CVS Health’s proposed $69 billion acquisition of Aetna seeks to accelerate healthcare consumerization by turning corner drugstores into community “health hubs.” This innovative merger would combine the country’s third-largest health insurer, with 22 million customers, and the largest U.S. drugstore chain with 9,700 retail pharmacies, 1,100 MinuteClinics, 4,000 nurses, and one of the largest employer pharmacy benefits managers.
The community health hubs would create an unprecedented, vertically integrated healthcare platform built around patients rather than physicians. Aetna CEO Mark Bertolini said that since all healthcare is local, this merger “brings us closer to the community, and creates a new front-door to healthcare in America.” The hubs would create a new entry point for accessing care at the corner drugstore, providing basic primary care under a payer that is also incentivized to improve access, quality, and convenience while reducing runaway costs.
Community Health Hubs
CVS looks for its nearly 10,000 retail pharmacies to deliver greater entry-level care options to Aetna consumers and in their communities. There are 51 CVS locations in Dallas alone, and more than 100 in North Texas. The plan is to re-purpose portions of CVS as in-store health centers, where customers could get answers about their health, medication, and coverage. CVS would staff pharmacists, nurse practitioners, and specific experts, depending on the community, such as nutritionists. There is no plan announced to staff physicians.
CVS hopes to transform preventative care by expanding health and wellness services to include basic primary care, medical evaluations, vision, nutrition, audiology, post-operative follow-up, home monitoring, and prescription adherence. This approach is similar to what has been happening with increasing nursing responsibilities throughout most of the industry. It is easy to see how this will add convenience to certain communities and even greater benefits to economically disadvantaged ones.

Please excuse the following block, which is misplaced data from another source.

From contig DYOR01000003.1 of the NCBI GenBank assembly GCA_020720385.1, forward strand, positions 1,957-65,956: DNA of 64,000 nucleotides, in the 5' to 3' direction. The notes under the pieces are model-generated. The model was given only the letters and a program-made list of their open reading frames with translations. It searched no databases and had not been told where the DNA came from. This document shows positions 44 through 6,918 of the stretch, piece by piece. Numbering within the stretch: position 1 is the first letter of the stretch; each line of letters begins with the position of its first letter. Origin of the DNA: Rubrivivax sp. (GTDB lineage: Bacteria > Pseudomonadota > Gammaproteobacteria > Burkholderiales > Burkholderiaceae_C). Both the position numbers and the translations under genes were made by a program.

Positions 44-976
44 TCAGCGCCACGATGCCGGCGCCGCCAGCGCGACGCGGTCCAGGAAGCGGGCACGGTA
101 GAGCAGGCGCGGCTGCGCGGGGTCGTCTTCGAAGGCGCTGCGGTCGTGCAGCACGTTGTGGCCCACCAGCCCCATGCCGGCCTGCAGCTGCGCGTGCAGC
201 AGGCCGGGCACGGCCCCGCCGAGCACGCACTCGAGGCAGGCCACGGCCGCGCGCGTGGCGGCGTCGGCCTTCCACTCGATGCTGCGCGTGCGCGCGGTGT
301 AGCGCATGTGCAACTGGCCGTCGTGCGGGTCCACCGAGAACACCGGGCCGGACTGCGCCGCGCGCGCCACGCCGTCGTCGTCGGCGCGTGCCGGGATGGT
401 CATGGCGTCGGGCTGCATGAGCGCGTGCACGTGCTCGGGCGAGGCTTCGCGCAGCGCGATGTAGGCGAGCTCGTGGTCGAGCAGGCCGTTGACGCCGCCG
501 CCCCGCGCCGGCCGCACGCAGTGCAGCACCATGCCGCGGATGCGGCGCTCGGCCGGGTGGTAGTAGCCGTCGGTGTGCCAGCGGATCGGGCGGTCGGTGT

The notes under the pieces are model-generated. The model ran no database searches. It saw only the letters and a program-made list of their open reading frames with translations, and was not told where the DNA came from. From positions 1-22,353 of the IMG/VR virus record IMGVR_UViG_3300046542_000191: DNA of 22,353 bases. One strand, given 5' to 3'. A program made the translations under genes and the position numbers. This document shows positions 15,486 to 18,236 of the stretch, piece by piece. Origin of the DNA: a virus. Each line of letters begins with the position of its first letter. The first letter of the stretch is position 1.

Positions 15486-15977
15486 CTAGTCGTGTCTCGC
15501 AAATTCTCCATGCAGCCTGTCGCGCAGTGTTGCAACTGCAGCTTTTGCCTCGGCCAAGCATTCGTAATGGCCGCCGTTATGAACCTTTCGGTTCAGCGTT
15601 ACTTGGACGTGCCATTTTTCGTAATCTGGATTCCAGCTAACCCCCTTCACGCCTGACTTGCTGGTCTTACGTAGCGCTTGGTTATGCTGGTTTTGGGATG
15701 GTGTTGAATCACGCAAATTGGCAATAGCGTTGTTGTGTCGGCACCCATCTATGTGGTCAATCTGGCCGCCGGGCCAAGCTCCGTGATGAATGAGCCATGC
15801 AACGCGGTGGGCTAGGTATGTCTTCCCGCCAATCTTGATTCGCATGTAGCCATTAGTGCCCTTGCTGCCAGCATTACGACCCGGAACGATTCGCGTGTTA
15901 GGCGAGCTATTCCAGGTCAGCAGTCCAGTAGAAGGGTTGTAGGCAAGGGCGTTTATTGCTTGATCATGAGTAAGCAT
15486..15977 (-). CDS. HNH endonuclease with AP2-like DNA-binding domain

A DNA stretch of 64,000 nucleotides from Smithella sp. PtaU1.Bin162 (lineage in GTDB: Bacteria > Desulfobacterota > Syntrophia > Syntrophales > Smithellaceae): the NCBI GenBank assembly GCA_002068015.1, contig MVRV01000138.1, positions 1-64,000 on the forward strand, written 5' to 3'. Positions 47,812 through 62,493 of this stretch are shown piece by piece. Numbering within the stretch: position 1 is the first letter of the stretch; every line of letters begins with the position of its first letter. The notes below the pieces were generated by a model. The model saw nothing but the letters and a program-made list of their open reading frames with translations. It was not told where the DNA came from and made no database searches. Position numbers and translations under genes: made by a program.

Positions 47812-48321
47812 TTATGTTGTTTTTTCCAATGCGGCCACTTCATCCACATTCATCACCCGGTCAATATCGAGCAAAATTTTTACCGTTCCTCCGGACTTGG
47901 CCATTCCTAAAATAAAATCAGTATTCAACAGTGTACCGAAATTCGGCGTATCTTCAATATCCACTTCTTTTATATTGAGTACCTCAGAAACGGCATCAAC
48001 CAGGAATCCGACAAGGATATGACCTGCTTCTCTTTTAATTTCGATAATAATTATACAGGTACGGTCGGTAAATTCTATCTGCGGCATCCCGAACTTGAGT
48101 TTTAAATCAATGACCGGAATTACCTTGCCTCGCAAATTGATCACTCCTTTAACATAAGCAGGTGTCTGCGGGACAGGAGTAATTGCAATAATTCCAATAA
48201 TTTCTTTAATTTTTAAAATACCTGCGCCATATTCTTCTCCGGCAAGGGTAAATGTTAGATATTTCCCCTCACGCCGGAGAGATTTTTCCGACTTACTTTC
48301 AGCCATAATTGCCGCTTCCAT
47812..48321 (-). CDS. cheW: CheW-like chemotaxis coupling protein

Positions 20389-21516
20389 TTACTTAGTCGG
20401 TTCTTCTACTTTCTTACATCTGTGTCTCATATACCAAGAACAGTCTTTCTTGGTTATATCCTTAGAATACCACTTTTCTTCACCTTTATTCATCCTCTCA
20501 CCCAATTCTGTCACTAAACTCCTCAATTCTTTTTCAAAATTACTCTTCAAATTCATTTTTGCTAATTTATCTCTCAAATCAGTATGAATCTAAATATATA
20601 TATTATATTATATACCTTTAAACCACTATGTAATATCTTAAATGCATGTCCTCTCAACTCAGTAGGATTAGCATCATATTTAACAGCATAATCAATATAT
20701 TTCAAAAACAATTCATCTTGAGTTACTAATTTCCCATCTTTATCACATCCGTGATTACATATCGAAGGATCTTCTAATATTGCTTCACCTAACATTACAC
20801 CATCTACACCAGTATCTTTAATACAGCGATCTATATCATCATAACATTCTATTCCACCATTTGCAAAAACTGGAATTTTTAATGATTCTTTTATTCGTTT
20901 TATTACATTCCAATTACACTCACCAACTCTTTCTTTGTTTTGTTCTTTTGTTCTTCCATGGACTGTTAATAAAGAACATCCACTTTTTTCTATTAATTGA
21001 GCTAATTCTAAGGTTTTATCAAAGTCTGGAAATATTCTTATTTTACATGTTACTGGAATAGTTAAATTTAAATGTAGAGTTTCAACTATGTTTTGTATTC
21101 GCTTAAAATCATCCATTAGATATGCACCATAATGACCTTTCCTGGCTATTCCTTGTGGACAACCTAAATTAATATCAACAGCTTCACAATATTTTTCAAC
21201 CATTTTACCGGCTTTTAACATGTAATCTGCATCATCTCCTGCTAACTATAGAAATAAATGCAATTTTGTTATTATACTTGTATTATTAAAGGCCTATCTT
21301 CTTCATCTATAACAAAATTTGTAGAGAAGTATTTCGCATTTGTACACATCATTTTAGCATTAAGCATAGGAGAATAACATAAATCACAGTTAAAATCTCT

Every Aetna patient who stays healthy and out of the hospital or clinic for minor issues treatable at a CVS, is a financial win. Reducing avoidable hospital readmissions is expected to be a key performance metric.
Chronic Care Management
“As we look at half of the population driving 80 percent of healthcare costs, we need to find a more convenient and more effective way to meet customer needs,” CVS CEO Larry Merlo shared recently at our YPO/Harvard Business School healthcare conference. CVS’s retail experience and the health hubs should enable better treatment of these costly chronic diseases.
CVS is seeking to reinvent its stores as “centers for management” of long-term diseases. The profit pool it’s betting its future on is in managing years and decades of chronic illness, rather than low-acuity care.
Diabetic members are expensive for Aetna and all insurers. These patients could receive face-to-face nutritional and weight-loss counseling, where they pick-up medication, supplies and coordinate their glucose monitoring. If the monitoring picks up a warning, the patient could receive a text instructing next steps or a personal consultation.
Recently released hospital patients could receive pharmacists and nurse follow-up consults and monitoring. One study shows that pharmacist patient counseling after a hospital visit reduces the probability of readmission by 50 percent.
“These types of interventions are things that the traditional healthcare system could be doing,” Merlo says, “but the traditional healthcare system lacks the key elements of convenience and coordination that help to engage consumers in their health.”
Market-driven Vertical Integration
As Elisabeth Rosenthal deconstructs in “American Sickness: How Healthcare became Big Business,” our healthcare system’s most significant issue may be that it has built a value chain where each link competes against the others, rather than working together. The fragmented and siloed system does not have enough broad alignment, she argues, resulting in accelerating costs and inconsistent care hand-offs.